Office of the Ombudsman
What is the Office of the Ombudsman?
Equitable’s1 Ombudsman has a mandate to receive and handle customer complaints regarding the Bank's products and services that could not be resolved within the first two steps of the Bank's Customer Complaint Handling Procedures (CCHP).
What is the mandate of the Office of the Ombudsman?
Working closely with both customers and the Bank's relevant business units, the Office of the Ombudsman independently and thoroughly conducts a full investigation of customer complaints, subject to certain limitations.
The Office of the Ombudsman is committed to providing an impartial review based on the evidence available to help customers and the Bank reach a fair, reasonable and transparent resolution. Customers who remain dissatisfied are free to pursue external recourse, including to an external complaints body, if a settlement is not reached.
How can the Office of the Ombudsman help?
If your complaint has not been resolved within the first two steps of Equitable Bank's CCHP, you may wish to submit your complaint in writing to the Office of the Ombudsman.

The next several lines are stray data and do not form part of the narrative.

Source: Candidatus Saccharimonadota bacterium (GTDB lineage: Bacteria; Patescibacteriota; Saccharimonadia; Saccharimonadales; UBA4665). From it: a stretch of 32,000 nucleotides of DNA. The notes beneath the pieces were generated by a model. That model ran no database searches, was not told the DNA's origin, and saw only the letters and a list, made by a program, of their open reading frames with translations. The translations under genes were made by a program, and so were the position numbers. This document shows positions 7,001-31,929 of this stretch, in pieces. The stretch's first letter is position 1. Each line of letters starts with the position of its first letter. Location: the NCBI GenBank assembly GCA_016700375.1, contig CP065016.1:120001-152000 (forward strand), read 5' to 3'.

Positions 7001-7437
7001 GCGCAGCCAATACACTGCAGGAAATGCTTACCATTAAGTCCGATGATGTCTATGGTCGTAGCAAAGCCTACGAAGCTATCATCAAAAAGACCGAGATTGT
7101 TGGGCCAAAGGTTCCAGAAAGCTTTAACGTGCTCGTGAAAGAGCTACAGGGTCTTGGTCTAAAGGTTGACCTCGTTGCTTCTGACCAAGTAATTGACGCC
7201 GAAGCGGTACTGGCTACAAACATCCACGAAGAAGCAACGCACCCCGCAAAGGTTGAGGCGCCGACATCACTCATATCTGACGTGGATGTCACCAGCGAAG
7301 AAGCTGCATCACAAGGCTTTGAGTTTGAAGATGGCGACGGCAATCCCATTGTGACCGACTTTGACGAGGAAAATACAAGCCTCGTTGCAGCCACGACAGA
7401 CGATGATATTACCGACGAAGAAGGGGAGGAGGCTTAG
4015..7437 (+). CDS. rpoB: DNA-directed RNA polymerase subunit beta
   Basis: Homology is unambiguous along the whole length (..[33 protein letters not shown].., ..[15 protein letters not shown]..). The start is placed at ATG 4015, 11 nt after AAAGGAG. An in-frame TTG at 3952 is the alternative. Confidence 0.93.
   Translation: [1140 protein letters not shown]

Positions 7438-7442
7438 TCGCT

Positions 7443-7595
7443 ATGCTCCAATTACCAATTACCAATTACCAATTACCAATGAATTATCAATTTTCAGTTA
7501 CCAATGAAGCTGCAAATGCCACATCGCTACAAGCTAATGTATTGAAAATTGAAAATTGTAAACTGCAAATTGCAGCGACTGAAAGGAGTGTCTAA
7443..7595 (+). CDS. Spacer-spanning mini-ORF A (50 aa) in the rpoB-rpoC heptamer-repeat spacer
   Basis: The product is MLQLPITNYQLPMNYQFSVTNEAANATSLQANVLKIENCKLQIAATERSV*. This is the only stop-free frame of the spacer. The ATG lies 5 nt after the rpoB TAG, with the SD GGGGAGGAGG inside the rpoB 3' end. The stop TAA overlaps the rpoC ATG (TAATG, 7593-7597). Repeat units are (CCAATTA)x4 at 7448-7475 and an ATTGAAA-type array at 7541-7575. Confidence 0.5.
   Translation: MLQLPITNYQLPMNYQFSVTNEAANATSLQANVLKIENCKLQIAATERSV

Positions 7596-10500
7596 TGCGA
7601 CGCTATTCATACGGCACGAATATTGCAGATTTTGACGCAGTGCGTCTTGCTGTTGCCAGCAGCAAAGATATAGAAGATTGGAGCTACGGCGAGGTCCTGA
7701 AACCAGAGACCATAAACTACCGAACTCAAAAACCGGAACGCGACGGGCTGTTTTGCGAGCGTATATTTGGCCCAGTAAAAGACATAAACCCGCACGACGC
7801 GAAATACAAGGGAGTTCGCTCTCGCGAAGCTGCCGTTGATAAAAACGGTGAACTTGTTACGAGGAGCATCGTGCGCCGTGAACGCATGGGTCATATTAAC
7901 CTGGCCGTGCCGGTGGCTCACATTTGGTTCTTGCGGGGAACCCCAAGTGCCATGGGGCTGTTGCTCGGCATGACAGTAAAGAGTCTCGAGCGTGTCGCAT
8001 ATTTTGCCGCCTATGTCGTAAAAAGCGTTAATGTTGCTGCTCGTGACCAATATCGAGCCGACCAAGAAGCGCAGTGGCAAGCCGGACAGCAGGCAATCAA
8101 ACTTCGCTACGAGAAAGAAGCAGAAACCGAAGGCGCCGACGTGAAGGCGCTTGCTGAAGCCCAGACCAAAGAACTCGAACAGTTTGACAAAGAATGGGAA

Once we receive your written complaint, we will acknowledge your request within 48 hours. We will do an initial assessment to confirm that the matter falls within the mandate of our Office. By submitting your complaint, you provide us with permission to discuss your issue with the relevant Equitable Bank business unit. If your complaint is within our mandate and has been through the first two steps of the CCHP, we will begin a full investigation. Most investigations are concluded within 4 - 6 weeks. However, some issues may have a lengthier investigation period, and we will keep you informed of our progress. We will provide you with a resolution/recommendation in writing. Any recommendations we make are non-binding and parties are free to accept or reject them and pursue other options for resolution.
As noted above, some matters fall outside of the Office of the Ombudsman's mandate. These include credit granting policies or lending decisions; matters of policy such as interest rates, service fees and account closures; issues that are in litigation or have been decided by the courts; and transactions for which Bank records no longer exist (typically after six or seven years).
The Office of the Ombudsman may, however, investigate such complaints to determine whether proper procedures were followed by Equitable Bank.